They are pretty easy to make, and we think of comfort as we construct them.  A softly padded brim, and inside stitched all tucked away so nothing rough or itchy would rub on tender skin.

Here is a You Tube link 
of a video on how to sew them:

I set this blog aside while we took a walk around the block before dark,
 with two sassy doggies on their leashes.  

It was nice to stop and chat with a few neighbors around the route we took,
 and before we knew it, it was dark and the skeeters were biting. 

Home again, Home again, 
Jiggidy Jig. 


  1. so sorry to hear of another reltive getting the big c...my sil has been battling for 15 years....seems when I young very few had this horrible disease now I dont think I know a family that doesnt have someone with it...terrible
    so good of you to make those head pieces for them

    1. Yes, it seems like more and more we hear about it affecting everyone. But in the old days didn't take all of something like the consumption? That it just kind of concerned you until you were gone and passed away?

  2. I am sending positive healing thoughts to your family and yourself.

    What a wonderful thing to make the head scarves for those that have lost their hair. They reminded me of the caps the amish ladies wear.

    Hope you have a lovely day. Sue

    1. Thank you Sue for your kind words. Yes the little caps are similar to the ones that the young Mennonite girls around here wear when they are working in the greenhouse.

    2. Thank you Sue for your kind words. Yes the little caps are similar to the ones that the young Mennonite girls around here wear when they are working in the greenhouse.

  3. When I had Breast cancer I was giveb a soft heart shaped pillow to put between my breast and the seat belt. The pillows were made by school children as a service project. I got to choose from several bright color pillows, even a Packer one was available to choose, and used it for eight weeks of healing. The patients really do appreciate these efforts made by helpless strangers. All you can do is sew and send good thoughts. Me? cancer free for many years, but still nervous before every mammogram.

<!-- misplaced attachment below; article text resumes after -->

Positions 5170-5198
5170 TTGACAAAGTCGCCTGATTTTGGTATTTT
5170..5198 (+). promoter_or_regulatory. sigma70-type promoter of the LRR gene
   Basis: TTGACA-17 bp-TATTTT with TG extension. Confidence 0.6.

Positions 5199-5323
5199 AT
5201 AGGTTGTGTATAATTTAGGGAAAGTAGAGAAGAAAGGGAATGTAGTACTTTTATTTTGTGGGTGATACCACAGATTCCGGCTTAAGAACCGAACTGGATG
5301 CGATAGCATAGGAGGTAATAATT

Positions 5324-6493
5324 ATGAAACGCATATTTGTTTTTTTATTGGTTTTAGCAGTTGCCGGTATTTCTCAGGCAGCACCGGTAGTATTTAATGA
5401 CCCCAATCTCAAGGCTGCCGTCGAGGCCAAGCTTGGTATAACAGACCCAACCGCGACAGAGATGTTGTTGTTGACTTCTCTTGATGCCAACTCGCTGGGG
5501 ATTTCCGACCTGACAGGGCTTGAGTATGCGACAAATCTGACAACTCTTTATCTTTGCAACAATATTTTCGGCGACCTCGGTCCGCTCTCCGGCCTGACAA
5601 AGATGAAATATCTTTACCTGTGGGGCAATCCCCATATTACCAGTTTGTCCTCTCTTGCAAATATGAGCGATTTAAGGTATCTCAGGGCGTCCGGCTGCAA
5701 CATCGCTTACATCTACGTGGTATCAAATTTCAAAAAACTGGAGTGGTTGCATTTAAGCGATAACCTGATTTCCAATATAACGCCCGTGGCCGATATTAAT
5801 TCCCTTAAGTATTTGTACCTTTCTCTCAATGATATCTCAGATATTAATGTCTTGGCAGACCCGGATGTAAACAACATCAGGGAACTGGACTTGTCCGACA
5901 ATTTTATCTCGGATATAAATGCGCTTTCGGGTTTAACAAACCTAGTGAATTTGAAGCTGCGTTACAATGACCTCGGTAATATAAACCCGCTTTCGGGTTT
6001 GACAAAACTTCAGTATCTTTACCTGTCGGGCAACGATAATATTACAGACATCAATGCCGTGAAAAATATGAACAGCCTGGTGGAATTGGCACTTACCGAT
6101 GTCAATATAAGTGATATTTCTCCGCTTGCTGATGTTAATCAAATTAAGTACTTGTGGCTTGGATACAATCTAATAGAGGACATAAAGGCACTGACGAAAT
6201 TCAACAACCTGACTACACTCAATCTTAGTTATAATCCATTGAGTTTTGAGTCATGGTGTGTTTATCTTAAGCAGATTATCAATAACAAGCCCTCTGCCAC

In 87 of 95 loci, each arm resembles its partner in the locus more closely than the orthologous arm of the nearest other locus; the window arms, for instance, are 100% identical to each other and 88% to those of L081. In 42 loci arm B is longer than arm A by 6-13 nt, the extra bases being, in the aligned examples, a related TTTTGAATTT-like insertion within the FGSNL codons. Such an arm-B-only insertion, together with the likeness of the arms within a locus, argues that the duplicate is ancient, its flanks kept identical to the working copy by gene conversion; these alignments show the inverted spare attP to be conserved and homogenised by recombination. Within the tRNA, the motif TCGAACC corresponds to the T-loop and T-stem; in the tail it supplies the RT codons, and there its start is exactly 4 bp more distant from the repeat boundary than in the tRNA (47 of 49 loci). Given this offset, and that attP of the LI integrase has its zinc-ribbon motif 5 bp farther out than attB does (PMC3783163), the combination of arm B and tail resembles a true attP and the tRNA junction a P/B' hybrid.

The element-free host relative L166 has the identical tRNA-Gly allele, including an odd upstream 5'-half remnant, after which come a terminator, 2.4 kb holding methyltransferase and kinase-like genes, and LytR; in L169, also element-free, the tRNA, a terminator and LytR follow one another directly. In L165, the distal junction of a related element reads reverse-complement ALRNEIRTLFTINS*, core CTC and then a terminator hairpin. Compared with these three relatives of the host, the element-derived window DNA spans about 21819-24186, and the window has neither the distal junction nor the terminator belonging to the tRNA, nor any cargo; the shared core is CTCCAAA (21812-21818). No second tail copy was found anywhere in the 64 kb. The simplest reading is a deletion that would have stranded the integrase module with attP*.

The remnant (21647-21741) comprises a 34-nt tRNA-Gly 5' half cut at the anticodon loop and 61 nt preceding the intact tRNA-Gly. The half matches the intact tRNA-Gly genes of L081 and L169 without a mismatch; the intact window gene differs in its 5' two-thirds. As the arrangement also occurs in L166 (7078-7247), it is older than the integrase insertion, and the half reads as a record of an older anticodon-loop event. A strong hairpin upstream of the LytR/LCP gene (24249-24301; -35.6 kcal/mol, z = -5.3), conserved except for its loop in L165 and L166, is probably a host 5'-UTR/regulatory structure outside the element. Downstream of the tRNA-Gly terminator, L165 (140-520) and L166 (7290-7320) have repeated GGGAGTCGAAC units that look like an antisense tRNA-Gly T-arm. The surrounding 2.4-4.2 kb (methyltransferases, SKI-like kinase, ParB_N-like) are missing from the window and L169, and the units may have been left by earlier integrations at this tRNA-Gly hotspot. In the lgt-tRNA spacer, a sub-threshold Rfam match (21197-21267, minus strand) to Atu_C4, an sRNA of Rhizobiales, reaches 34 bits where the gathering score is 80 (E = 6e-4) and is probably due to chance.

1. Oh yes, I know the feeling when mammo time comes around. I had a breast tumor removed when I was 15 years old, so for the last 40 years I hold my breath until I get a clear report

  4. I have bone marrow cancer and the doc says there is nothing they can do for it because neither chemo nor radiation can reach it because the bones shield it and block both. Actually the bones block the radiation and since there is no blood flow into the bone marrow, chemo can not reach it either. The doc says at my age, I will probably die before it kills me. Either way. . . .

    1. I am so sorry to hear that Dizzy. It just makes you wonder how it gets into the bone and marrow in the first place. I hope you hang around for a long long time. Just keep on "Wondering" !

  5. Yes cancer Sucks lost my niece this morning to long tough fought battle. Wishing your family memembers well.
    Love the bandana's you are making for cancer patienence

  6. I've been fighting big C all summer. Hopefully, one more treatment next week and I'll have it behind me for a while. So sorry to hear about Steve's cousin (and family members) battling this disease. I'm sure the cancer patients will greatly love and appreciate your kindness in creating those nice bandannas for them. What an awesome volunteer project!